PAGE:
A survey reported online recently by ‘Progressive Cattle’ asked cattlemen what aspect of their management they would most like to improve. By a wide margin, “Grazing” was identified as the item that benefit from an upgrade. Many producers recognize intuitively how influential grazing management can be on the success of a livestock operation.  Perhaps unfortunately, no one is paid directly for the productivity of pastures, so the incentives for improvement are more remote than attention given to livestock management.

“There’s always next year” will always be a true statement, but with the new year  upon us, it’s a common practice to resolve to improve an aspect of behavior or activity in the year to come. Recognizing how difficult change is, it would be wise to focus on fewer items so that they can be kept in mind, rather than a long list that will quickly lose attention.

Any planning process benefits from an assessment of current conditions and circumstances.  If an inventory of grazing resources is not up to date and easily accessible, completing one might be a very helpful first resolution.  A simple pasture/field map with accurate acreage and improvements (fence and water) recorded would be a good first step. Additional information, such as forage species and condition, soil test results, fertilization and weed control records, will further enhance planning efforts.

If improved grazing management is a goal, grazing records will be essential.  The critical information is: how many? When? And How long? Those records will allow calculation of a measure of productivity such as animal days per acre.

Another important inventory item is a survey of pasture conditions. A pasture scorecard, such as those available from NRCS can simplify assessing pasture conditions, such as the presence of desirable and undesirable species, ground cover or bare ground and the presence and location of “trouble spots.” A scorecard also promotes the repeatability of observations.  Evaluating and improving grazing management requires some measurement that can be duplicated over time in order to identify improvements that are being made or help understand if progress is not occurring.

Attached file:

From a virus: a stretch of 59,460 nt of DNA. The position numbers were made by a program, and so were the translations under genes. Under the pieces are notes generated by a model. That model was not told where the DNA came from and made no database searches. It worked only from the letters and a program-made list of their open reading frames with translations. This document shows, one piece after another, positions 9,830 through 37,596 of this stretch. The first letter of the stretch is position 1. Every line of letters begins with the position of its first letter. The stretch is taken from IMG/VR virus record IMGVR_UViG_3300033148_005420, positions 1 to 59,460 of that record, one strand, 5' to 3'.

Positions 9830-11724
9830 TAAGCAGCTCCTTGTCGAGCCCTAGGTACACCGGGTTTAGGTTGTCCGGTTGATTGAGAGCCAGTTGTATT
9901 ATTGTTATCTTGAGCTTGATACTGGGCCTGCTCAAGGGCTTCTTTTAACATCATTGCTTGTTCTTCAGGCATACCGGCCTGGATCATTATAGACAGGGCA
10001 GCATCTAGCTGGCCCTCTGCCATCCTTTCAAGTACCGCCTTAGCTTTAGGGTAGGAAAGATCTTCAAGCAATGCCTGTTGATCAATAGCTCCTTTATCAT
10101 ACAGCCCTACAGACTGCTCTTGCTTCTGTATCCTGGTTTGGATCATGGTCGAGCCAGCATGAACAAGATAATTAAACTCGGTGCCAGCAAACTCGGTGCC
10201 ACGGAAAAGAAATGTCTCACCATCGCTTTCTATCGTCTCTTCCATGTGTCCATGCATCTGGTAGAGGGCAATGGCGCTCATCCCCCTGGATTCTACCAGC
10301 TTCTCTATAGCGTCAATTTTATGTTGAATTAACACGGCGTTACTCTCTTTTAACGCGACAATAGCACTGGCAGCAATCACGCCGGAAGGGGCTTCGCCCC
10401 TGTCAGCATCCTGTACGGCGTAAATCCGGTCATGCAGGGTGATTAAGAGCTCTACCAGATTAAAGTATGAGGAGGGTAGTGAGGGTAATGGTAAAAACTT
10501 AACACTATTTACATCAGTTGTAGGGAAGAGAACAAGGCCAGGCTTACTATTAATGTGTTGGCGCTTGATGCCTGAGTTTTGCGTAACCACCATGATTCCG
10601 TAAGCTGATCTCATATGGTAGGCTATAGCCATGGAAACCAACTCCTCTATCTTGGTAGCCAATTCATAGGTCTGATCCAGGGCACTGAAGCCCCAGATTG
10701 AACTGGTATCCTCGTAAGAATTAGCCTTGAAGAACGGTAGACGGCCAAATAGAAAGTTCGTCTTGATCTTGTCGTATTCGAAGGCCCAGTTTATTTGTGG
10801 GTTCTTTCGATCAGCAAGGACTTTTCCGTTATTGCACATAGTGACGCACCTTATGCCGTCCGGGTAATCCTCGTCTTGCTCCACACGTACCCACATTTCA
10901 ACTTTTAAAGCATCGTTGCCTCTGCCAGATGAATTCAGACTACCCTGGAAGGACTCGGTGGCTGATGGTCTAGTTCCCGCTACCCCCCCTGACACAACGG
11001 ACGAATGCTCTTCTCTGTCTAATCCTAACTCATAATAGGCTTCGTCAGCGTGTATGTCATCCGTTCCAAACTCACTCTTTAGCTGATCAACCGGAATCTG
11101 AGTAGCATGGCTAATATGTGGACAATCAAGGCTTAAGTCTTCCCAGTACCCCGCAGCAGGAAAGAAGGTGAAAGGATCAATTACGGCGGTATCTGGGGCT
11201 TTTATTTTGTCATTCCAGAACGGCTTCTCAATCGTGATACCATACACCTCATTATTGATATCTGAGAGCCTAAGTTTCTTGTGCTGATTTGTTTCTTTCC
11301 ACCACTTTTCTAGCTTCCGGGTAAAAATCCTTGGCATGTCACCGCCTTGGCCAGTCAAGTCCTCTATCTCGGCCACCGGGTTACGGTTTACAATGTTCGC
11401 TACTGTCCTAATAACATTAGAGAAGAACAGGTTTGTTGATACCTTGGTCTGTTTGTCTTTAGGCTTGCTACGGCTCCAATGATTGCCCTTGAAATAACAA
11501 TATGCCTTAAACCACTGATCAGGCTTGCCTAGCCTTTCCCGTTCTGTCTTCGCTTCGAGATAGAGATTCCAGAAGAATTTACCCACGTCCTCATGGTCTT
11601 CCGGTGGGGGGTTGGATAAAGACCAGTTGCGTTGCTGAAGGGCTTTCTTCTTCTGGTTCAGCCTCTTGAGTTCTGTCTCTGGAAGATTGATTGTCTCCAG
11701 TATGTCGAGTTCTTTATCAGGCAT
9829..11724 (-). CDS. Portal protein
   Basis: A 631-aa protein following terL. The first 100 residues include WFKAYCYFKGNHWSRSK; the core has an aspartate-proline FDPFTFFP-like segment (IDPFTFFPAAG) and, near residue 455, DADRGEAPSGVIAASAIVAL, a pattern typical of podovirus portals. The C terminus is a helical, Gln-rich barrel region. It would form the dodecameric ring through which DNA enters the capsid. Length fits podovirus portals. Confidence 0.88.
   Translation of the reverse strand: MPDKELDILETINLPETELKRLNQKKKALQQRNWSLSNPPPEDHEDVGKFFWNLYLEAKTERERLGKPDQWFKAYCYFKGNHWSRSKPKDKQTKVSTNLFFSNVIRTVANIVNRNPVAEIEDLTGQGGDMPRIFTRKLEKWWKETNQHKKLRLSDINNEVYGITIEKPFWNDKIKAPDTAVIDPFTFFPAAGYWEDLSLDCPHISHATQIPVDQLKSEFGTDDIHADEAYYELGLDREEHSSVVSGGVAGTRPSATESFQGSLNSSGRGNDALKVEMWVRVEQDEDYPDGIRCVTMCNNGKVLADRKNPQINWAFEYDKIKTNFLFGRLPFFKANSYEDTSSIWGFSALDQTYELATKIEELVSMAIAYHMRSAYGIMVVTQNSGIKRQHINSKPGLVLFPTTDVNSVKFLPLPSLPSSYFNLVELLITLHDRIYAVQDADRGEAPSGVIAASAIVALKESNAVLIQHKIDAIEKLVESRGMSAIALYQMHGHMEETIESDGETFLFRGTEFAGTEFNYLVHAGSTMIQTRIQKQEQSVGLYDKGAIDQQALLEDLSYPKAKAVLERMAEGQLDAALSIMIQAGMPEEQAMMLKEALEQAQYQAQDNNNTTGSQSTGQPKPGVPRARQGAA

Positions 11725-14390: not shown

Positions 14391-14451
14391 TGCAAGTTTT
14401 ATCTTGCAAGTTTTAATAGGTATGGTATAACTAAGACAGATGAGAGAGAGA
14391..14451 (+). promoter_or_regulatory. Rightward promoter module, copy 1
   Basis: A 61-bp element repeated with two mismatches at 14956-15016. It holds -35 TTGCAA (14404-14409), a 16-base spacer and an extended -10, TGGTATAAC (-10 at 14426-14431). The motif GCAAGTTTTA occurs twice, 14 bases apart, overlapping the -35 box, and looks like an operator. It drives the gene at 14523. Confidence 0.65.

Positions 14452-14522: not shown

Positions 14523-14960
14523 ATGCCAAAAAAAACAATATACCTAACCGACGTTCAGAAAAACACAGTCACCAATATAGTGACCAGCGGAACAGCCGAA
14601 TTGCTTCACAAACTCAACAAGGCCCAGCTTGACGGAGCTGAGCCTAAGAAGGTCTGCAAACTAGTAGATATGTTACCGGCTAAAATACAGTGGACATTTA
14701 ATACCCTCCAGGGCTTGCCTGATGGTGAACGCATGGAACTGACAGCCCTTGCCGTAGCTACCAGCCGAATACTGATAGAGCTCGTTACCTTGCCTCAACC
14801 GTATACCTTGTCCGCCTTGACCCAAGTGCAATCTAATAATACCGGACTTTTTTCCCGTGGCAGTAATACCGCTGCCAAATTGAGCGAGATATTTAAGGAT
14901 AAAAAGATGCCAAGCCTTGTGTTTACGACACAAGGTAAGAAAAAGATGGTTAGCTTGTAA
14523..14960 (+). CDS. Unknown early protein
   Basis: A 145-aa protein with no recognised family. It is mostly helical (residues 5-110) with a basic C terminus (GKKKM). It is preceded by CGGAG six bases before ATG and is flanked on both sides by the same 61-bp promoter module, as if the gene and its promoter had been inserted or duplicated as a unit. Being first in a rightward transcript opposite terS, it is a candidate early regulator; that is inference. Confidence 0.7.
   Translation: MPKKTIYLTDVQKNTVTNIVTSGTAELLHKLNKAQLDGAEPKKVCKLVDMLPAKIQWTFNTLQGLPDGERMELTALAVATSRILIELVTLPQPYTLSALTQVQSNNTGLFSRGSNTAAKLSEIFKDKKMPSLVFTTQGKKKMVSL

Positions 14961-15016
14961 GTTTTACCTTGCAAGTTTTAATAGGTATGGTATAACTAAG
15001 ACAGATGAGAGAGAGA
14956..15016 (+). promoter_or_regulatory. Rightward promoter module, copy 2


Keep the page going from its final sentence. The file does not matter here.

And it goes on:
Another resolution that might be easy to make involves the management of forage when grazing is not involved.  Because conserved and supplemental feed is expensive, a reasonable resolution would be to make the grazing season as long as possible.  Initiating or improving a rotational grazing plan, increasing the diversity of desirable pasture species or being intentional about plans for stockpiling could all increase the duration of the grazing season and limit winter feed expenditures.

The other aspect of supplying winter feed that would benefit from attention and planning is harvesting, storing and allocating hay (or baleage). Harvesting forage in order to maximize yield is rarely the most cost effective.  Waiting for a forage crop to provide the highest yield nearly always leads to greater delay than intended.  Delaying cutting date results in more mature forage and decreased nutritional value.  The “bottom line” of animal production suffers from inadequate nutrition or is more expensive due to the cost of needed supplemental feed.  The only way to know the nutritional value of conserved feed is to sample and analyze. There may be no more certain “return on investment” than using the results of a hay test to plan winter feeding.

If improved grazing and forage production would be beneficial in 2021, consider adopting and implementing one or more of these beneficial practices:

  • Pasture inventory
  • Pasture use records
  • Sticking to a plan for timely hay harvest
  • Taking and using hay tests

None of these practices will be helpful from if only used once, so the best resolution would include a promise to yourself to maintain helpful practices.

Change is never easy, but can be beneficial.  Attitudes are very important to successful change. In the wise words of one of my farmer heroes: “If you think you can or If you think you can’t… you’re right!”

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